Please give a warm welcome to author, Brooklyn Ann!
Stephen King writes a lot of characters who are writers. At first I thought he did this is a convenience, falling under the “write what you know” category. Or maybe he was subconsciously putting himself in the story.
Then the heroine in my debut novel told me she was a writer as well. “Whoa!” I said. “What do you write?”
“Horror!” she proudly proclaimed. “None of those insipid romantic novels.”
“Thanks for that,” I replied, a little stung. “But I love horror. I wish I could write horror. How do you go about it?”
As I wrote her story, BITE ME, YOUR GRACE, I found out how. We have a few things in common, such as looking at a crazy situation and thinking of how to make a story out of it, but there are some major differences.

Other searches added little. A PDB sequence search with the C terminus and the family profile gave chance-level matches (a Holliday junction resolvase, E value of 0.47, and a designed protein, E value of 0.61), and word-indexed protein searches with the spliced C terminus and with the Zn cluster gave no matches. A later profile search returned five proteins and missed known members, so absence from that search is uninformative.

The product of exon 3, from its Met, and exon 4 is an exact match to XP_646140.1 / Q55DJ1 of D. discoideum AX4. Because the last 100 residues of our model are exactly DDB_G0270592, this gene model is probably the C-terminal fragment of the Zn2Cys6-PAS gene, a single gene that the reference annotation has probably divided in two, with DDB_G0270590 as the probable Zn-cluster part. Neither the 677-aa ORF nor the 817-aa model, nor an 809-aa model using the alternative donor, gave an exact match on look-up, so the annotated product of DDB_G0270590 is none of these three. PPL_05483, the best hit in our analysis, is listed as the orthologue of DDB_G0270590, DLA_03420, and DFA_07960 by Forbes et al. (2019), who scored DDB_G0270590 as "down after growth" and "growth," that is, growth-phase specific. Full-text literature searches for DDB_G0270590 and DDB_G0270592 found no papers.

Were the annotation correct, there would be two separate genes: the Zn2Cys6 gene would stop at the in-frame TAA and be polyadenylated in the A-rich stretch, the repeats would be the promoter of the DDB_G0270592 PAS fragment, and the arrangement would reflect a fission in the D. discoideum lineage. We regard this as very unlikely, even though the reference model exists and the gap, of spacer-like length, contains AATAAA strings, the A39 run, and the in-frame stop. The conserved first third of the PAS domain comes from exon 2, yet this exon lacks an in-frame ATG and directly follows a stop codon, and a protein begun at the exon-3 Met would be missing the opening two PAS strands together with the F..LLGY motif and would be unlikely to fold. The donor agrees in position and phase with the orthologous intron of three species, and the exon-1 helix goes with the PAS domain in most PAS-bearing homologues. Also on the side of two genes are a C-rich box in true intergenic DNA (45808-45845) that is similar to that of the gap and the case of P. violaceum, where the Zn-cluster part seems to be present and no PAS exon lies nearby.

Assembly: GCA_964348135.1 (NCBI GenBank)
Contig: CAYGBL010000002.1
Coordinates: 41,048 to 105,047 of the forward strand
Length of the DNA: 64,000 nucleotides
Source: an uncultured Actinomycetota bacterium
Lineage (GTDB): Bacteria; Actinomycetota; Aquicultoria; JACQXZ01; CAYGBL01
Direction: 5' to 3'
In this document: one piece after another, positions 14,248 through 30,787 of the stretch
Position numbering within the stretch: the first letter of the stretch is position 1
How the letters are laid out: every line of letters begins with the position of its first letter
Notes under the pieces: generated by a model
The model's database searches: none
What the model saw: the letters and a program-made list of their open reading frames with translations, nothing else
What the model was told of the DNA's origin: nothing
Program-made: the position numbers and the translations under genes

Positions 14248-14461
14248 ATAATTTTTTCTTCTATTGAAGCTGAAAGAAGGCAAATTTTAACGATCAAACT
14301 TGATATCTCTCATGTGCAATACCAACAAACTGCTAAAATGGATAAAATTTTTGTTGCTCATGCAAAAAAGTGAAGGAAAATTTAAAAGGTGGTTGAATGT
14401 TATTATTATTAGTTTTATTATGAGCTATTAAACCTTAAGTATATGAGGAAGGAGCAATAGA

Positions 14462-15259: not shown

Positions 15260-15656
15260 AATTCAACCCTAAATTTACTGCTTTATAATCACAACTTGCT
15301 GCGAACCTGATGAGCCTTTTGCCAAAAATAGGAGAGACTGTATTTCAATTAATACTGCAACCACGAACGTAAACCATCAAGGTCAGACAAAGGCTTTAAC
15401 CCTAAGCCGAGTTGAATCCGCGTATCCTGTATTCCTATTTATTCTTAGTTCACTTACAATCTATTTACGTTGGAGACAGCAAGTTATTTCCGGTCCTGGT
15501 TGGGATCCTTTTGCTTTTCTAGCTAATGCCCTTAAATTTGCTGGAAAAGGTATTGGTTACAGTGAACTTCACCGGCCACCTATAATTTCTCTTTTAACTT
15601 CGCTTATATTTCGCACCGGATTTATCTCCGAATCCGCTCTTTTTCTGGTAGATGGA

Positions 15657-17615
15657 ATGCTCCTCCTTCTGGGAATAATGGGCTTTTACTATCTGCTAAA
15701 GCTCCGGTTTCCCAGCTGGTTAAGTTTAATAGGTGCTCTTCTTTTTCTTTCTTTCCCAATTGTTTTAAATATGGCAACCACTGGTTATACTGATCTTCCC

First off, Angelica had to deal with major sexism in her time. Women were supposed to be wives and mothers, not authors. Plenty flouted that convention and many female literary voices prevailed. However, the most popular were the romantic types, such as Jane Austen.
So her genre was also a problem. Angelica’s idol, Mary Shelley, got away with it because her father owned a publishing company. From what I understand, horror is still a difficult market for a woman.
Another way Angelica and I deviate is how we seek inspiration. I usually listen to music and daydream. She decided to break into her neighbor’s house because she thought it was haunted. It worked out for her because he was a sexy vampire. But if I tried it, I’d probably be looking down the barrel of a gun. (I live in Idaho.)
Anyway, while writing BITE ME, YOUR GRACE, I discovered that writers as characters can differ greatly from the author penning their story and can be a constant surprise.
Sourcebooks is giving away one copy of Bite Me Your Grace to one reader today, US/CA only please. To enter, just leave a question or comment for Brooklyn on this post and then fill out the rafflecopter below. Good luck!